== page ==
"But really," he heard B.E.N. saying insistently to Morph, who was happily flitting from shape to shape, adopting an alarmingly realistic miniature Scroop before abandoning it for the blander one of a large fruit, "if there's herbivores and omnivores and carnivores, what am I? Maybe I'm a vegetarian, except, wait, I don't eat vegetables, so am I an oilvore? Or what about gasavore? A reservoir! No, wait, that's, hn, doesn't make sense." As he watched the robot with an amused expression, smiling lopsidedly and shaking his head, he waved the pink blob over to his shoulder, the spritzing creature coming happily to rest on the aged olive cloth.
Nearly simultaneously, the robot began making a sniffling noise, the gridded eyes flickering in a second's passage to narrow slits, and it hugged its gangly arms to its loosely hinged mouth, making an odd sort of wailing sound that made the boy decidedly nervous. "Oh, Jim," B.E.N. said in a comically saddened voice, and the mentioned lad scratched unassumingly at his dark hair, eyes nervously flicking from one side to the other.
"Geez, Ben, I'll miss you, too," he said lowly, almost hissing for fear one of the thronging students around him would notice the emotionally dysfunctional robot's approaching hysterics. "Could you please not jump me or anything? And say bye to Mom for me again." Quickly, despite the flashing guilt in his mind, he vanished into the crowd, large bag thumping painfully along his spine as Morph gleefully turned into a heavy rock. Behind him he could readily hear B.E.N. weeping loudly before, with characteristic panache, it yelled loudly, excited, over some unfortunate creature it found indescribably intriguing.
Reaching a hand up, he ran his calloused palm over the smooth gel of Morph and the creature made a trilling sound in earnest reply, bringing a quirky smile to his face as he tossed his other shoulder up, sending the thin strap of his bag into a more secure position near his collar. "We'll be fine," he said. "It's just like on the RLS Legacy, only," he broke off hesitantly, not willing yet to broke the tender subject of the surrogate father gained and lost, and merely settled for smiling quietly, rubbing what he assumed was the flamboyant blob's chin with his rough palm. "Well," he continued for lack of anything else to say.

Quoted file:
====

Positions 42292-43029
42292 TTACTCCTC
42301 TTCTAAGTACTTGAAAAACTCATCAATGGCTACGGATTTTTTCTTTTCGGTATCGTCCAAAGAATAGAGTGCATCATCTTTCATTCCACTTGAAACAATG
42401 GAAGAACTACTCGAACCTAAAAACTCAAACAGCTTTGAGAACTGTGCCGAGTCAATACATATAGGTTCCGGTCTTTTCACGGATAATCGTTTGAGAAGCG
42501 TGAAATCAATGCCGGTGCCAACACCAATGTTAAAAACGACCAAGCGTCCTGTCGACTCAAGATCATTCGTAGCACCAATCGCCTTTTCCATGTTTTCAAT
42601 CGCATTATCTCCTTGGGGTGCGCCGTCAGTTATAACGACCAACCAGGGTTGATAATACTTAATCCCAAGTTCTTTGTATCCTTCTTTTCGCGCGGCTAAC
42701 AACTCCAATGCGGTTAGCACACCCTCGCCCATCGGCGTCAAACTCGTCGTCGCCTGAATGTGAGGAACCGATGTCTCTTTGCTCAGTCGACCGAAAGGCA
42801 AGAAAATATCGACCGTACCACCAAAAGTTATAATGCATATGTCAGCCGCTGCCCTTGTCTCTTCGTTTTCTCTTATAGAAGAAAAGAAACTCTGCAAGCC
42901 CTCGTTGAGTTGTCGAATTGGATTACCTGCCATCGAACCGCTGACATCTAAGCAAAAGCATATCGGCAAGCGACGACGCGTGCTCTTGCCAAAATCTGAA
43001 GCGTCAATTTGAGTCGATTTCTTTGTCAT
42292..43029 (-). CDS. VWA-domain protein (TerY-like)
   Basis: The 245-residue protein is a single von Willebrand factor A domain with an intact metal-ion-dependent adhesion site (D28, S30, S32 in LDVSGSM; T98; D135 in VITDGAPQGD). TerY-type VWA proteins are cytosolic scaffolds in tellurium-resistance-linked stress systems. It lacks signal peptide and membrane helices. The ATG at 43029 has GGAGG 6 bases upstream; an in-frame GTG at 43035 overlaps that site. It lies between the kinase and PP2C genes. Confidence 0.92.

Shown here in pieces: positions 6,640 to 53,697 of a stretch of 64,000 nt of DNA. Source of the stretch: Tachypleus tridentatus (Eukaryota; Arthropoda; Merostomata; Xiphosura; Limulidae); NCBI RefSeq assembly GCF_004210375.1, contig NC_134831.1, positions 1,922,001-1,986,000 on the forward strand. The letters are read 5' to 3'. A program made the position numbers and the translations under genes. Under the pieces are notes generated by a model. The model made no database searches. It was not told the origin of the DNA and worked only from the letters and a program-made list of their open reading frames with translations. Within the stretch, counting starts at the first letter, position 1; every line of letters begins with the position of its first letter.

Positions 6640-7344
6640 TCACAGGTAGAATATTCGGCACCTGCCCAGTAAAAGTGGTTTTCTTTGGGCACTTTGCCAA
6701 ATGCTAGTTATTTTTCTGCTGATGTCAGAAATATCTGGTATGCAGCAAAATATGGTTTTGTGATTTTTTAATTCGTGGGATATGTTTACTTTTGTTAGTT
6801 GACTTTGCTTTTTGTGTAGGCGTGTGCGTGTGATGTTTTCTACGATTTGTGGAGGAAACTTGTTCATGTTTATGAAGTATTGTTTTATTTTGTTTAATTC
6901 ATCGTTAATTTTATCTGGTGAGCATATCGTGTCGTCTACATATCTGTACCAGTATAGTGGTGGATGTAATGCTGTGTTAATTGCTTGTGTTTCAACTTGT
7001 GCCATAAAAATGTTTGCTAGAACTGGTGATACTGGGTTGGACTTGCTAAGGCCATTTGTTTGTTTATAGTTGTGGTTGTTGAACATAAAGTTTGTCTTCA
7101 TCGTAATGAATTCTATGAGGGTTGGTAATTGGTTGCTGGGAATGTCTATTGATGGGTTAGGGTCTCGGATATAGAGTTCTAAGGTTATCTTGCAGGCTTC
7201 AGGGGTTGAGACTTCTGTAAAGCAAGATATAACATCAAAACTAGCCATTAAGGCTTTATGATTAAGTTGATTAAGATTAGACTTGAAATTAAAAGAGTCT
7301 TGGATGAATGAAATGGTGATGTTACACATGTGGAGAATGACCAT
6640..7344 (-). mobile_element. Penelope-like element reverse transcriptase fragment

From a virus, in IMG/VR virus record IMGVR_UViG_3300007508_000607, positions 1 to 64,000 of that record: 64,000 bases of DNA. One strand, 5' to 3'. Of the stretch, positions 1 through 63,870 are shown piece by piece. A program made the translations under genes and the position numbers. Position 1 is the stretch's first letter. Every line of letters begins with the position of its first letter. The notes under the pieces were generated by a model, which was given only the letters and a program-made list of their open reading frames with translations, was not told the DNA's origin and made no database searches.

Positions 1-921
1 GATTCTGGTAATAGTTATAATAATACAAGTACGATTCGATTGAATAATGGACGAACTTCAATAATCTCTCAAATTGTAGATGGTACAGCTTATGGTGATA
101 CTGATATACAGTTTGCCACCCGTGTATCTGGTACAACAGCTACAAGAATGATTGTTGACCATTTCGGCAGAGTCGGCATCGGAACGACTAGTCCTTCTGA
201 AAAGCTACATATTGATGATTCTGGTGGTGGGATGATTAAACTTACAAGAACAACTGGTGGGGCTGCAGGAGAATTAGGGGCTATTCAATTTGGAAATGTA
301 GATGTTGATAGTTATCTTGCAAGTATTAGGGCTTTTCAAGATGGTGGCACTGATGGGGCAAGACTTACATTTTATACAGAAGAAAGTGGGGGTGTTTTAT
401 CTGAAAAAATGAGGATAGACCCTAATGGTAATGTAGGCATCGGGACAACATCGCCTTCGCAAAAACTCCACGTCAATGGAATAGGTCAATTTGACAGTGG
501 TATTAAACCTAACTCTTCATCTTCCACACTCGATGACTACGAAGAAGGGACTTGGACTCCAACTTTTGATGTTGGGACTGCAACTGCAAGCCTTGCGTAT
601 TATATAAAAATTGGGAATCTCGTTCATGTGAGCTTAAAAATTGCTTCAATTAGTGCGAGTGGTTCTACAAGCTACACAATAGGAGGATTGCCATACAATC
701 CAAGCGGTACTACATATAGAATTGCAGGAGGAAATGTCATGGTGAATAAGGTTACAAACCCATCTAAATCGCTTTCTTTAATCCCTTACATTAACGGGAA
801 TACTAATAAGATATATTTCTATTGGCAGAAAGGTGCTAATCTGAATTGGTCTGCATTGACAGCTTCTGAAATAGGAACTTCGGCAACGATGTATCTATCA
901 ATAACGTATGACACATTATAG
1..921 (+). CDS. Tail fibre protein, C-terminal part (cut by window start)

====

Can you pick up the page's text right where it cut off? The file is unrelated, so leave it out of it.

Morph agreed punctually with a chirping cascade of noise and it swirled, tiny bubbles left in its wake, around the tight knots of his ponytail before adopting a tight wind around the coarse fluff of chocolate hair at the end. "Hold on, then," Jim added with a slowly growing grin that fairly reeked cockiness, and he lowered his body, adjusting his center of gravity for all of two seconds as a few of the other walking students moved unconsciously away from him.
Shoving his feet hard against the sidewalk, the pads of his toes spreading out in the round mouth of his boots, he sprinted, heavily, through the ever-swelling crowd, bag smacking rhythmically along his back. A clear laugh bubbled from his chest and he ducked a startled, burly arm one of the upper classmen was holding out for the sake of a petite girl, dodging around a large group of gossiping girls and slipping over the shined surface. He smoothly collapsed into an admirable position, one leg bent up and the other stretched out to aid his unexpected process of sliding over the polished stone; Morph was making giddy shrieking sounds from where it had wrapped in a deathly tight grip about his ponytail.
"That was fun and interesting," he said in his subdued, adolescent voice, arching his arms back to coax the dizzy blob into his waiting hands. The skin of his lean arms was revealed by his short-sleeves and he flickered his green eyes to their corners, as if to peer at the hot pink alien whenever he managed to tease it away from his tugging hair. "C'mon, Morph, we're taking up space." After a moment of older teenagers from varying races passing him, giggling behind their hands and taking in obnoxious whispers amongst one another, he tucked Morph into the deep pocket of his pants, nervously judging the faces around him.
A fractionally sullen mood took hold of his chest with a surprising speed and he shifted his bag, lowering his head to stare at the ground as he shuffled forward, vanishing amidst the gaudy brightness of the uniforms all others seemed to be already wearing. He tried to remember why this had seemed like such a brilliant idea, and blamed it squarely on that rushing high that had quickly followed the knowledge that he was a hero of sorts, knowing he had found someone who could be a father to him and finding he was someone, even if he still did not know precisely who that someone was. Thinking on it as he studied the ground, he kicked his heel hard over the carefully hewn stone and lifted his head proudly, jutting his chin into the air as he grinned a cocky twist of his lips for all to see.
It did not matter yet if he would regret the order and punctuality of a naval academy, of the structured environment everyone lauded about, and he knew he stood out from everyone else in their pressed uniforms and rigid haircuts; he found he enjoyed seeing eyes turning to look curiously at the gangly newcomer that was Jim Hawkins.
And that was how it was going to be.
Feedback would be very appreciated (especially considering this is my first Treasure Planet fanfic and reviews are the only barometer I have). Enjoy the prologue
Edited 05/09/2003: Just a very silly spelling error.
Edited 05/19/2003: Another spelling error! Geez! ;]